Among the top home security mistakes one can make, leaving the garage opener in a highly visible place reigns supreme. Sure, the garage might be secure. It might even be incredibly secure. If you’re not prioritizing your clicker’s safety, however, you might be at risk. Below, we’re covering the five places you should never leave your garage opener. Read on, and keep your home locked up.
One: Under a Fake Rock
Likely, you’ve seen the false-bottom rocks at the department store. They’re secure—usually—but thieves are well-accustomed to the old “plastic rock in the bush” trick. In fact, it’s one of the first places they’ll look. If you’re going to use a false-bottom rock, make sure it’s in a well-hidden place. Otherwise, you might be sacrificing your garage’s best safety features.
Two: In the Car
Thieves know this hiding space well, and they’ll exploit it immediately. Even if you’re stowing the clicker in the glove box, a home thief who’s dedicated will have been watching your habits for days—if not weeks.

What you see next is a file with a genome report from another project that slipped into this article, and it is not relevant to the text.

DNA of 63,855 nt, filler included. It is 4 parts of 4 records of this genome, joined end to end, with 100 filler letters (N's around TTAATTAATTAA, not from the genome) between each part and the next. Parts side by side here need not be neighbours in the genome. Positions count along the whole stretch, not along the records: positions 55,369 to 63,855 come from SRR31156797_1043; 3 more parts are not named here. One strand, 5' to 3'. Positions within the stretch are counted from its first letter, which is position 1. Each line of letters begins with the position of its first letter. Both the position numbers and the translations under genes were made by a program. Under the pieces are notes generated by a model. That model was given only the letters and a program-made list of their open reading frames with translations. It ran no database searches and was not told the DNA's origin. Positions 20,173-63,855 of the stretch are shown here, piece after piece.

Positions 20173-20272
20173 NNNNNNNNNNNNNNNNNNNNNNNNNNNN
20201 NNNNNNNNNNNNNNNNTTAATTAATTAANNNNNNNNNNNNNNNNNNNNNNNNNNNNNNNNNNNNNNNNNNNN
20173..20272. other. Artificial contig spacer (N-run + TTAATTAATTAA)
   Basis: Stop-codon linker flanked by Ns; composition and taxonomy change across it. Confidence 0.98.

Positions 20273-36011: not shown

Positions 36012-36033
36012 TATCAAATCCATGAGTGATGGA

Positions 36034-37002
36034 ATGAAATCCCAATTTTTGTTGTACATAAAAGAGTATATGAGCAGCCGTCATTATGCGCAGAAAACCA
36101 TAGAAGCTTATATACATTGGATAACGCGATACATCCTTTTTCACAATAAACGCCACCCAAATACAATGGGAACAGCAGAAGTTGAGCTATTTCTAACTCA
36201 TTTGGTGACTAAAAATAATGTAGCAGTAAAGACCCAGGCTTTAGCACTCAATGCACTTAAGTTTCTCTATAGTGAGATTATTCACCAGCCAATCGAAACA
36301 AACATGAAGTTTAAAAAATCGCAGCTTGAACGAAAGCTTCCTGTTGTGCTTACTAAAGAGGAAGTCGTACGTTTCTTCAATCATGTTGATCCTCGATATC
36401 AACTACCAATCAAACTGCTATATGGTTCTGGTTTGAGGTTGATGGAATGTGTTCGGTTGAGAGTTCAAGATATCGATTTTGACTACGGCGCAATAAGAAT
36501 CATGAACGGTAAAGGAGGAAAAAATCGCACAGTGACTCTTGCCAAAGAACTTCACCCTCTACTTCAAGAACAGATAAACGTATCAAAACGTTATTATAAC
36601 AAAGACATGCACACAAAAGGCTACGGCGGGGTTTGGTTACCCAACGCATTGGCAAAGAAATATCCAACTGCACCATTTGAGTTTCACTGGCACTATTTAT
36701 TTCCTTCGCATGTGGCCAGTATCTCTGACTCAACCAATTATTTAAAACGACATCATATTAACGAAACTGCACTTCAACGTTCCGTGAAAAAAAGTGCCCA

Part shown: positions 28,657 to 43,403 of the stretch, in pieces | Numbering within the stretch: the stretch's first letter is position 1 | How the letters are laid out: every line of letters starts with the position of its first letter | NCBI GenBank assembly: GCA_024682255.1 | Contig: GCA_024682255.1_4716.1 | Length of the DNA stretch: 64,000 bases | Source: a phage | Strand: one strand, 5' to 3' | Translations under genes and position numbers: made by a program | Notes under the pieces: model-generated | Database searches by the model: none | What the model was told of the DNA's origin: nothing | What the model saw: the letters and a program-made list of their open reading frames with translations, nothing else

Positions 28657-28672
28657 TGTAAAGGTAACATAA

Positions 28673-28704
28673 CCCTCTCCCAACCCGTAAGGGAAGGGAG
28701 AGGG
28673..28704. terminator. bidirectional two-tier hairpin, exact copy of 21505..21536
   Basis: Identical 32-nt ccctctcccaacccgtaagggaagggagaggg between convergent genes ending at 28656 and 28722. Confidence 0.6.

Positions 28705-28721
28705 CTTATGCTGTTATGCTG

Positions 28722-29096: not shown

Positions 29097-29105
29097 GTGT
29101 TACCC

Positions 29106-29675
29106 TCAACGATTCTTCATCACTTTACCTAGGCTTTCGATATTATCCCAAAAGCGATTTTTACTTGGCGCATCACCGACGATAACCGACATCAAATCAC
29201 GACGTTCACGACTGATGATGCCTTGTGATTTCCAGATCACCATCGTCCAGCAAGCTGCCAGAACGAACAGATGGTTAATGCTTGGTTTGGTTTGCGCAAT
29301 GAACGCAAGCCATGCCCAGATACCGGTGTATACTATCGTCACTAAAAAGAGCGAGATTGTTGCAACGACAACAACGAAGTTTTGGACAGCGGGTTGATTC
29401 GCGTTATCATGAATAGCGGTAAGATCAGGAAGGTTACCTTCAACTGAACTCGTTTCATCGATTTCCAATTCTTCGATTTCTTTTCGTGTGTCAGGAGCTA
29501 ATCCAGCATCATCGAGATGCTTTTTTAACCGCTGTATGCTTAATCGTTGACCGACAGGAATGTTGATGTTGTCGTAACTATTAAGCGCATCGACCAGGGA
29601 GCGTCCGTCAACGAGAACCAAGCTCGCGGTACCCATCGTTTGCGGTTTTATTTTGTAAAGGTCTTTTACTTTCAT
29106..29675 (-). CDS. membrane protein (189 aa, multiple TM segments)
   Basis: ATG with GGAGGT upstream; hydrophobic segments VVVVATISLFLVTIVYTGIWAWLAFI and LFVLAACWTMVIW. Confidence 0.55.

Three: In the Kitchen
If there’s a break-in, thieves sometimes come back for more. A surprising number of homeowners don’t realize this, leaving their garages unprotected after the clicker “goes missing.” Sometimes, thieves won’t even take anything on the first strike. The open door—or even signs of a forced entry—might result in your garage clicker being stolen if it’s highly visible.
Four: In the Mailbox
Sometimes, homeowners hide their garage clickers in the mailbox. It makes sense, right? Who’d steal from a mailbox? Well, thieves do. They’re already looking for banking information, bills and other useful information. Don’t give them access to your entire home.
Five: At a Neighbor’s House
If you’re going out of town, make sure your neighbors are aware of your opener’s location. Alright, you can entrust them with its security. That said, they’d better be good about it. Why double the risks by securing your home’s entry within theirhome. Again, thieves are crafty. If your home is at risk, they’ve already mapped out your schedule—and your neighbor’s. If they break in next door, they’ll put two and two together when the stolen clicker doesn’t open their garage.
So, what can you do? First, keep the clicker with you as much as possible. If you need to detach it from the keys, put it in a safe. Your keys, too, need to be secure. Keep them in bedrooms, if possible, or hide them out of sight in main rooms.